Poperinge Part Six – The Execution Memorial

I simply don’t know my own strength.

Ho ho!  This curious memorial, styled on the war memorial in the main square in Poperinge, can be found in a park a few hundred yards from the town hall,…

…and, as the artist who designed it, Anno Dijkstra, tells us on this information board,…

…‘The bottom of the socle [plinth, I think, to you and me – MF] is a gigantic black hole.

Do I succeed in looking into the head of the soldier?

The darkness is all over.  The socle is a funnel.

The present sneeks (sic) in through this funnel.

Or is it the past that is calling us?

Do we notice the enthusiasm of the first battle weeks, the homesickness, the pride, the doubts, the death-rattle or the song of victory? Perhaps it is just a whispering, as in an empty shell, the rush of our own blood?’

To which the information board adds, ‘This monument is in (sic – again) invitation to reflection. Sit down and listen to the whispers.’

Me, I’m just going to give you some facts.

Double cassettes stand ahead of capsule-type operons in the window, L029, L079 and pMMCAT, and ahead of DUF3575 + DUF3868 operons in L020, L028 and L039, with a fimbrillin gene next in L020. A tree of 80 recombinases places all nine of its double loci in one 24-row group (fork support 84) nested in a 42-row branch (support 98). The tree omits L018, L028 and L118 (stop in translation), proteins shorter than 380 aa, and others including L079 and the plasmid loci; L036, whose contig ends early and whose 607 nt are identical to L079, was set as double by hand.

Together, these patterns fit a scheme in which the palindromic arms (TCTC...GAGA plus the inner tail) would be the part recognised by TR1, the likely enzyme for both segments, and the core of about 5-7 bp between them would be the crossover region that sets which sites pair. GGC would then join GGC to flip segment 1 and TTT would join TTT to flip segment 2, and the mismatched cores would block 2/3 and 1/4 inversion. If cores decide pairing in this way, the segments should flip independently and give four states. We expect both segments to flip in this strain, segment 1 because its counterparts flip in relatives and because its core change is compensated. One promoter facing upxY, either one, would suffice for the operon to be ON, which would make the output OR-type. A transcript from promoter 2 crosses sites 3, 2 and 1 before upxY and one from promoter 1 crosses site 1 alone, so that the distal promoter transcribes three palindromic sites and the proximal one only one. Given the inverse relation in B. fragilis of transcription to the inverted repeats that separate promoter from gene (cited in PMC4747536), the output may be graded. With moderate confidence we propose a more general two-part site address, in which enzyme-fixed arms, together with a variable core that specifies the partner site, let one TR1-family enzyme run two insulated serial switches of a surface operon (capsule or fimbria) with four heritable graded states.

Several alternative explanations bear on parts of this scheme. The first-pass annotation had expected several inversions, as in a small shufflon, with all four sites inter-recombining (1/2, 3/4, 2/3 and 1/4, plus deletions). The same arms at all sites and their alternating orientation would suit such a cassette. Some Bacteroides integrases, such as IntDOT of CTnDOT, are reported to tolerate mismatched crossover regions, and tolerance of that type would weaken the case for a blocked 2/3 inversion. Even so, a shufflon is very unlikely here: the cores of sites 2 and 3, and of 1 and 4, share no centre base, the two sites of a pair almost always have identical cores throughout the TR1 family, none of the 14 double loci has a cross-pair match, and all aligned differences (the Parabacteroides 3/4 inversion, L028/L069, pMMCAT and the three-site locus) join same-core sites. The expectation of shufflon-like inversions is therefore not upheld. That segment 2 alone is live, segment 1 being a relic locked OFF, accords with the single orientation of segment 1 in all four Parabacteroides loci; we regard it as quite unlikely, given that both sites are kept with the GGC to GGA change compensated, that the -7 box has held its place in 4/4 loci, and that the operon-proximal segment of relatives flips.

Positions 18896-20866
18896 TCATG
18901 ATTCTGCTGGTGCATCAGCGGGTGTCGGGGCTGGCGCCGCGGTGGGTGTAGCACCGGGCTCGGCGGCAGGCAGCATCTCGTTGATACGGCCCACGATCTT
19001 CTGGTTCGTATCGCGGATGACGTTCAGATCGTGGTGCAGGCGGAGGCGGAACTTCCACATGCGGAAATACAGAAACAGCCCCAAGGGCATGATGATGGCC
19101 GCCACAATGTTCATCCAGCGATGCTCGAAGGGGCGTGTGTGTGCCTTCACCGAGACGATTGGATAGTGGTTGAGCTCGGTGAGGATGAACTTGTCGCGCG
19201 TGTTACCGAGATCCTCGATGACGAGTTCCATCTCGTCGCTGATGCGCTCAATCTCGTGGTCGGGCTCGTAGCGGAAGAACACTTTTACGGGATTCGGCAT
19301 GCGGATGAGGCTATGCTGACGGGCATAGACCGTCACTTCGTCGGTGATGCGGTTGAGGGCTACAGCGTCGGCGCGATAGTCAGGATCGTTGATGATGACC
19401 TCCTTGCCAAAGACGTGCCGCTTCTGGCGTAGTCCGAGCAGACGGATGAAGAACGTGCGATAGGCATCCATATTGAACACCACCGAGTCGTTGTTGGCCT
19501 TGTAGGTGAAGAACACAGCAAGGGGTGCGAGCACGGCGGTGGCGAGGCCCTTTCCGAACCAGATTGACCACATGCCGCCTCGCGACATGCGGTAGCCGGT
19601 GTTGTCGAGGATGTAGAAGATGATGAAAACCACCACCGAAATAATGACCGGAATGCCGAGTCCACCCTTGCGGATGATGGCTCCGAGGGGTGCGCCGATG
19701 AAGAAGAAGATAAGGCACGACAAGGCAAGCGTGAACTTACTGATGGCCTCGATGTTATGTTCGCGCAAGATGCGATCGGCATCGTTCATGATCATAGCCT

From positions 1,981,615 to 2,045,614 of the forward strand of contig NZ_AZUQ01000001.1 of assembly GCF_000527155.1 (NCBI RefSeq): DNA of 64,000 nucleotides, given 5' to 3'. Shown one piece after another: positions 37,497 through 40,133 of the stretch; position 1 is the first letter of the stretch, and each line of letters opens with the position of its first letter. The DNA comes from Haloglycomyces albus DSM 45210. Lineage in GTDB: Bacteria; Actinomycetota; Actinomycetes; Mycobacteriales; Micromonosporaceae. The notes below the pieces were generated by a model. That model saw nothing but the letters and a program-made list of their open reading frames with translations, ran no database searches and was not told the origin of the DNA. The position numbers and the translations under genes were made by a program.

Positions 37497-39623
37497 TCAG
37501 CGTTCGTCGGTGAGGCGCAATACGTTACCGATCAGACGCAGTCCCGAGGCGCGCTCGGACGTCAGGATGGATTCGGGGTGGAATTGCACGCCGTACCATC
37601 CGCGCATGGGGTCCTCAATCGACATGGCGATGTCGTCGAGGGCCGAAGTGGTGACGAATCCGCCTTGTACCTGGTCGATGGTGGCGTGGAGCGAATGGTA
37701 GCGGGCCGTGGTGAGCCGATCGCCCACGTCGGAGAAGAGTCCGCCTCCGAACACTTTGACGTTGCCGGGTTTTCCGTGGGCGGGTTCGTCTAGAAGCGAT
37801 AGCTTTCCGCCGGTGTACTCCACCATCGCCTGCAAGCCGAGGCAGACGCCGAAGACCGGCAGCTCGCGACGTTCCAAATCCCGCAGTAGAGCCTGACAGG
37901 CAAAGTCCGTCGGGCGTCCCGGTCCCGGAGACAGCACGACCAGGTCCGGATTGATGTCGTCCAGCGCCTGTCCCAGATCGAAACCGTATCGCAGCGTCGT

Actually, before I do, as you know, I get easily confused these days.  Poperinge war memorial features a Belgian soldier, of course it does, as we saw in the first post of this series, but I don’t understand why, if this is a memorial to remember those executed, and Poperinge is (in)famous for the British executions that took place here, which it is, it doesn’t feature a British soldier, perhaps posed in homage to the Belgian soldier on the war memorial?  But then I didn’t design it, a Dutch lady did, so what do I know?  On to the stats.

In April 1920, a government spokesman stated that 3,076 sentences of death had been passed during hostilities, and that of these, 343 had been carried out.  Two years later, in March 1922, the War Office published a tome which, for the princely sum of 10s 6d, would have allowed you to peruse, at your leisure, ‘The Statistics of the Military Effort of the British Empire during the Great War’, and should you have reached Part XXII, you would have found a section entitled ‘Discipline’.  Today you can download it for free (which is very handy) if you know where to look,…

…and if you are interested in, oh I don’t know, the statistics relating to ‘Mechanical Transport Abroad and at Home’, or ‘Army Contracts, Clothing and Salvage’, or maybe ‘Enemy Prisoners of War’, or perhaps simply ‘Casualties’ or ‘Munitions’, to name a few chapters, then that is exactly what you will have to do.  Either that or ask me very nicely.  But the relevant pages of the ‘Discipline’ chapter are to be found in the appendix to this post, and the two most germane are shown directly below: